There’s no accounting for taste, they say, and Canadian community paper, Uptown Magazine, calls gay sex line Cruiseline’s new ads “distasteful”.
The queer company, which has been advertising in the weekly for years, pulled its ads after publisher Bob Cox objected to two of their “too sexy” ads.
Though Cruiseline agreed their first ad pushed the envelope, advertising manager Liam O’Reilly insists the second ad did nothing to offend:
It was an ad with one man with his arms around another man, and they have their shirts off, but other than that they were fully clothed.
It was surprising to me that a magazine that seemed to be kind of progressive and up with the times is the magazine that is trying to censor.
Cox and company, however, claim Cruiseline simply wants controversy. And, what’s more, readers found the seemingly innocuous ad to be in “poor taste”.
It was a man, fairly large and muscular man, grabbing another man from behind in a way that was pretty clear that it was a sexually suggestive pose.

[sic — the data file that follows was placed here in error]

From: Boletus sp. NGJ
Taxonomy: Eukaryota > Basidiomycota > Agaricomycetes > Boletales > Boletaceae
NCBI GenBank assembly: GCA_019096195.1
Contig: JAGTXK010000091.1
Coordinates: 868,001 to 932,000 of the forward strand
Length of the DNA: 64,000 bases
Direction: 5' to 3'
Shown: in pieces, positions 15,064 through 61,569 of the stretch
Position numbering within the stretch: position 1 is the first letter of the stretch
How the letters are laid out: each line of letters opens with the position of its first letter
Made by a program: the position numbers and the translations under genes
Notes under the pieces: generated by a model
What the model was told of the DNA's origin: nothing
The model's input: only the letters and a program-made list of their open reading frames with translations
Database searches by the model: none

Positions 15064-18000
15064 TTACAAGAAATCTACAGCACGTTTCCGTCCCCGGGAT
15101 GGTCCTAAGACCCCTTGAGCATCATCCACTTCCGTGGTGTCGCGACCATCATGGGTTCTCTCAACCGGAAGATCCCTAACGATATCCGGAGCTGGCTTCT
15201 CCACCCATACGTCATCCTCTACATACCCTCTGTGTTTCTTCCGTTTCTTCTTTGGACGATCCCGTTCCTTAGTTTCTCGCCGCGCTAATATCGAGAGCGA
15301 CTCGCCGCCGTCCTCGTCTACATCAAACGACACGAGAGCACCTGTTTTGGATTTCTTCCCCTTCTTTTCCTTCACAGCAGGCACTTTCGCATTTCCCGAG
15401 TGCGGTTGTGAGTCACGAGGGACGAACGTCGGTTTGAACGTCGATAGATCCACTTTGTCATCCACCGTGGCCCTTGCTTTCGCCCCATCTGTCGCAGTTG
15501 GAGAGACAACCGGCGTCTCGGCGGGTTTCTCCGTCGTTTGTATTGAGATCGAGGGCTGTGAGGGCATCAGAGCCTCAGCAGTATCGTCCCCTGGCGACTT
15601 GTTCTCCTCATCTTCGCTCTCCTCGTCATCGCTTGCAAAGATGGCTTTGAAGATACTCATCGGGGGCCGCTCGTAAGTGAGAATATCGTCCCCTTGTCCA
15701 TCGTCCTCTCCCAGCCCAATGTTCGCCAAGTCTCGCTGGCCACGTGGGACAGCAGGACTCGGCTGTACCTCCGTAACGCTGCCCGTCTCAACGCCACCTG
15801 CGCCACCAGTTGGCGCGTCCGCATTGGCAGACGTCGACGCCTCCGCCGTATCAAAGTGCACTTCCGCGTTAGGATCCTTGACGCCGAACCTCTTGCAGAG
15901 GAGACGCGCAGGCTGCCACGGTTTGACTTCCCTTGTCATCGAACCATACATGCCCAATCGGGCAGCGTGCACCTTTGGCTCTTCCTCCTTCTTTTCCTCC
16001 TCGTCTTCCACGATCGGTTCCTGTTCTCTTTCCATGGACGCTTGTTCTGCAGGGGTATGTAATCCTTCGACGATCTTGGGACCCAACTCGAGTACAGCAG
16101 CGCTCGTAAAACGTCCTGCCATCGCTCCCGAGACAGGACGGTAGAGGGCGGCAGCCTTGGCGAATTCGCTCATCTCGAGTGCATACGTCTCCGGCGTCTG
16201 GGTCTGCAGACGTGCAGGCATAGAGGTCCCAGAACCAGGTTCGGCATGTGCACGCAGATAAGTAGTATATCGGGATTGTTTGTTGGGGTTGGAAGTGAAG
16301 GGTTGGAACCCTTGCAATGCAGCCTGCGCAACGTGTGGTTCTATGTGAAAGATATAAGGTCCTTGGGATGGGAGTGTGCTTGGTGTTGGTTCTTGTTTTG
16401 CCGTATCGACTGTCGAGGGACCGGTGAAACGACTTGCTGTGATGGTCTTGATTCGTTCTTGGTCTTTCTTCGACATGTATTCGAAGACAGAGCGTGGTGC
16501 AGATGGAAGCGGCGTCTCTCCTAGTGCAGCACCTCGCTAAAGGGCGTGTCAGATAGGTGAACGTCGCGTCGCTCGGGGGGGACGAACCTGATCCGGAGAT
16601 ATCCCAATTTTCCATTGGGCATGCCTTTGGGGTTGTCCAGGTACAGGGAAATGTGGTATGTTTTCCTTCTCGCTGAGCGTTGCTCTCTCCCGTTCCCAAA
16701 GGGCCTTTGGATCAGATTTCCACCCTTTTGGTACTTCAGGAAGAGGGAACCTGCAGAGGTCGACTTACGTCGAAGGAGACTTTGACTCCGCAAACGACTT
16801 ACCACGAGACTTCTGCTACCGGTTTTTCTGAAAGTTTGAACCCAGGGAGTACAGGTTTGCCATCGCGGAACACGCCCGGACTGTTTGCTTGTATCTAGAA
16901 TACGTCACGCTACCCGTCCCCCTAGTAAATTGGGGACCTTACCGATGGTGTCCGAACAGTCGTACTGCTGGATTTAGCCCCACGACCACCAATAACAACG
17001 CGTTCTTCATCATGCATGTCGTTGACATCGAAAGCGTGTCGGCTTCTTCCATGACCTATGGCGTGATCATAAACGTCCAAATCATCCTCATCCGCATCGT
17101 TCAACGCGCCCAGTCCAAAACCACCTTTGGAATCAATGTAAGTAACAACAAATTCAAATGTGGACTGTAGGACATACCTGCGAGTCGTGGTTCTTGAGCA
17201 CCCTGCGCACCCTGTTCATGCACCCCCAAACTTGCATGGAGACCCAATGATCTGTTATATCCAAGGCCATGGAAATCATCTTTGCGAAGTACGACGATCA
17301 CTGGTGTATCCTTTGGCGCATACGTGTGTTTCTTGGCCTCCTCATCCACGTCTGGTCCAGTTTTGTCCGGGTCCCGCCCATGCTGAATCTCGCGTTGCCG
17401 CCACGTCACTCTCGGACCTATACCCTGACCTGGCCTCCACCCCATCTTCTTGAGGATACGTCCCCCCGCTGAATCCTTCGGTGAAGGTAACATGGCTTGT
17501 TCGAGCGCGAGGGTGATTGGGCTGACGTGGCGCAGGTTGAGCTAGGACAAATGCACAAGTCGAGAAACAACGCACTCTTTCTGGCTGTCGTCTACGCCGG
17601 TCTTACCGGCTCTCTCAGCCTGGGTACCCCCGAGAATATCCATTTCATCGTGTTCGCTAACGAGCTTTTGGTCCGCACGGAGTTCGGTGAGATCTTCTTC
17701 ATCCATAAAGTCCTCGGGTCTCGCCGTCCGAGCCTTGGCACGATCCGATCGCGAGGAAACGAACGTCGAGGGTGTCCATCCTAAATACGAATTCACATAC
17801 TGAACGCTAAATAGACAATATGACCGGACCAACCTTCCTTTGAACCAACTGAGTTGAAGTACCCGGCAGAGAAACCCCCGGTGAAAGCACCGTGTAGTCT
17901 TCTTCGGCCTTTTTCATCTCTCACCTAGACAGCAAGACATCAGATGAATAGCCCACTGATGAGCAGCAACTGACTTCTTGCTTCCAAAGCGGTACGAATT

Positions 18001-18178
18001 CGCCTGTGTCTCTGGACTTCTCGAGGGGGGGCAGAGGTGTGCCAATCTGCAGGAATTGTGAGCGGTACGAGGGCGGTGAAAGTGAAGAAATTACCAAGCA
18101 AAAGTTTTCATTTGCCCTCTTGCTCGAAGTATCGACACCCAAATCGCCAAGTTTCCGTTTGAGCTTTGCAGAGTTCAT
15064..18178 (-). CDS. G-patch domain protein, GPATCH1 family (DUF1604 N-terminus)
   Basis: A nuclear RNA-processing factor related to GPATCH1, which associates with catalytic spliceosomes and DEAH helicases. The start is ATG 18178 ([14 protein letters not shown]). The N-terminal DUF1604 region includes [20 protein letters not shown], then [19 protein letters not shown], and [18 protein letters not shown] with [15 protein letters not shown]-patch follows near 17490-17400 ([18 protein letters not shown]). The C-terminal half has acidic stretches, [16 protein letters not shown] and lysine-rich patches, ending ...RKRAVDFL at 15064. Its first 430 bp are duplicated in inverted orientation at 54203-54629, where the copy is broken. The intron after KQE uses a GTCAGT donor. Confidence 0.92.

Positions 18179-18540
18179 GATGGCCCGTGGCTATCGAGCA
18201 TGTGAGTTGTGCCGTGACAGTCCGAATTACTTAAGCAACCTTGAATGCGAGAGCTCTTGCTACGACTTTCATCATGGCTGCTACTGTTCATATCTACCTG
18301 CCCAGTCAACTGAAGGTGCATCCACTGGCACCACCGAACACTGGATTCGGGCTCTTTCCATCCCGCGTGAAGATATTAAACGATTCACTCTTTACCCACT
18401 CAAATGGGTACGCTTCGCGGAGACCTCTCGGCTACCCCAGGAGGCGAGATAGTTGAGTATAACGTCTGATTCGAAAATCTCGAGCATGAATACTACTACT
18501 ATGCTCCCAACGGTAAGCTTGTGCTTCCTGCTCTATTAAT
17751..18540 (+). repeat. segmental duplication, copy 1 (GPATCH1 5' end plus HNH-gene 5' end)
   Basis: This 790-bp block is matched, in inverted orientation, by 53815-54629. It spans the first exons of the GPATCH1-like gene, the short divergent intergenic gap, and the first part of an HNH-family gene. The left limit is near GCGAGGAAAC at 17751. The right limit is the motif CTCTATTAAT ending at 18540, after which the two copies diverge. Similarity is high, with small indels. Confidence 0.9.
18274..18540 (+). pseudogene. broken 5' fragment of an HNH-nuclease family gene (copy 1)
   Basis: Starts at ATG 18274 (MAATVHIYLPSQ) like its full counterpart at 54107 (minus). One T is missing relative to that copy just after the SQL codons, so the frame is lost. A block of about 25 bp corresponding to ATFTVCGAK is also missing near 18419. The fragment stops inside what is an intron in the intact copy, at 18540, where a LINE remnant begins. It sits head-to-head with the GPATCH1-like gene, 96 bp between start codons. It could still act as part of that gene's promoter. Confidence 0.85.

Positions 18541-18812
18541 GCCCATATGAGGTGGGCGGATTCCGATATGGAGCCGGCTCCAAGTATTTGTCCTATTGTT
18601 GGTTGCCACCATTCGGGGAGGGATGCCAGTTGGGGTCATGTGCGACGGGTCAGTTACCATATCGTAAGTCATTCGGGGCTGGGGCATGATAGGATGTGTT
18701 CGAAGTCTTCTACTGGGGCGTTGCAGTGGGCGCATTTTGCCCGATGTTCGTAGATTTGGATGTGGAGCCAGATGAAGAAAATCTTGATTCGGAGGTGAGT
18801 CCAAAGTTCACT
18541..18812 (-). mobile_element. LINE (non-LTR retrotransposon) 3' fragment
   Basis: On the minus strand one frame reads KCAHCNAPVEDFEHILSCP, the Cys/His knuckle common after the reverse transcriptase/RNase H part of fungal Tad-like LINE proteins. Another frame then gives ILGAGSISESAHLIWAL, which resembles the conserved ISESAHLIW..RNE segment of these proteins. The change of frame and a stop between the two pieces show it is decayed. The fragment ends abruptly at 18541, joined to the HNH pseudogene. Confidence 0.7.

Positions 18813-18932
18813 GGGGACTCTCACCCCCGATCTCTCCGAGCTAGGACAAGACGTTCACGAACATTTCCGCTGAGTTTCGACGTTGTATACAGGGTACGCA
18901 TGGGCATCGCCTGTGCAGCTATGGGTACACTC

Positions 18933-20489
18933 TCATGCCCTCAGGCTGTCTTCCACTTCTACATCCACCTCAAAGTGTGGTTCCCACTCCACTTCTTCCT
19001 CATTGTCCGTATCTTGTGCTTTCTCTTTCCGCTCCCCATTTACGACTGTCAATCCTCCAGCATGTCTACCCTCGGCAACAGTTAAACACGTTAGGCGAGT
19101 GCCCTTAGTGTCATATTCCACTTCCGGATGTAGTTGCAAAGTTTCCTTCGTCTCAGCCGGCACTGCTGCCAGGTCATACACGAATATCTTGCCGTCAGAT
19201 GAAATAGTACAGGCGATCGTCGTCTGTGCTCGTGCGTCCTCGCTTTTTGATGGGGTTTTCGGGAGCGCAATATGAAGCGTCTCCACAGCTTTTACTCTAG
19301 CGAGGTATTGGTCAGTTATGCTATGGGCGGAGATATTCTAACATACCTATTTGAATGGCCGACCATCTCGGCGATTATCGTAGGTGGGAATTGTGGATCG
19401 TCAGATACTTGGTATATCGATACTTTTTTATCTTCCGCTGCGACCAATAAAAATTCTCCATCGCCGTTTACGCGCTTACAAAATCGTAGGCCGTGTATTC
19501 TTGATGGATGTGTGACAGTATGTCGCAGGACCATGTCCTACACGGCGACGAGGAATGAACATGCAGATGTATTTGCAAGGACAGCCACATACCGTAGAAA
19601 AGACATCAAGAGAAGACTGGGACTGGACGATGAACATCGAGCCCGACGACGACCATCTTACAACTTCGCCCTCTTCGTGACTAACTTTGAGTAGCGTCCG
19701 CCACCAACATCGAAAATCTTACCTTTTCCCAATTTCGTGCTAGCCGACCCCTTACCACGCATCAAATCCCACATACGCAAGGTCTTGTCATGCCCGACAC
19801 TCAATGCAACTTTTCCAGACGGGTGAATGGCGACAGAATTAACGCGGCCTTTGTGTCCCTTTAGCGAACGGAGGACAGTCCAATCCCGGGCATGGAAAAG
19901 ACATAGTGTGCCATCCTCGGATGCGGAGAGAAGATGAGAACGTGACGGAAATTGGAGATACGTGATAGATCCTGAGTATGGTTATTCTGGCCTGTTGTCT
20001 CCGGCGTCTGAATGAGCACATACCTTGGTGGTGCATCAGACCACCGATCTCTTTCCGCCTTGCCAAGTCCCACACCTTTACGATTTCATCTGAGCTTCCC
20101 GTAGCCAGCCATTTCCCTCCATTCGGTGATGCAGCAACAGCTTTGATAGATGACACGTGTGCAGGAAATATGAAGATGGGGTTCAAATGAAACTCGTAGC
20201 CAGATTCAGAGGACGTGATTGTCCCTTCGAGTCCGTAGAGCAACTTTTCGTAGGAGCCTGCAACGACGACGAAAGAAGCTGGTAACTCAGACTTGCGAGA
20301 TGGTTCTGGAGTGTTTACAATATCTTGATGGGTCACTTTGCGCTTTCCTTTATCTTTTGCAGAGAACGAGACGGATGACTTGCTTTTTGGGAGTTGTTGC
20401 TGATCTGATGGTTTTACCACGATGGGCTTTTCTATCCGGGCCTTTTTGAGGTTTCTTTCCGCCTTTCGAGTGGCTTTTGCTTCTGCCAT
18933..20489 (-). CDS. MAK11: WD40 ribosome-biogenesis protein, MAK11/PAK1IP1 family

Frankly, the complaints that I heard were a matter of taste. People felt it was in poor taste.
This was â€¦ I think they called it a ‘shock campaign’ themselves, in which they were trying to elicit a response – and they certainly did.
The publisher also dismisses any declaration of homophobia, explaining that he and his paper have happily published Cruiseline’s ads for five years. Cox also explain that he and his paper have been regulating their advertising standards:
This whole issue has made us take a really close look at all advertising, because we do want to use one standard for all advertising and we want to make sure we’re not inconsistent.
We can’t imagine that in five years Cruiseline hasn’t run a single “sexual” ad. They are, after all, a gay chat line. Also, do people still use gay chat lines? Isn’t that why we have the internet?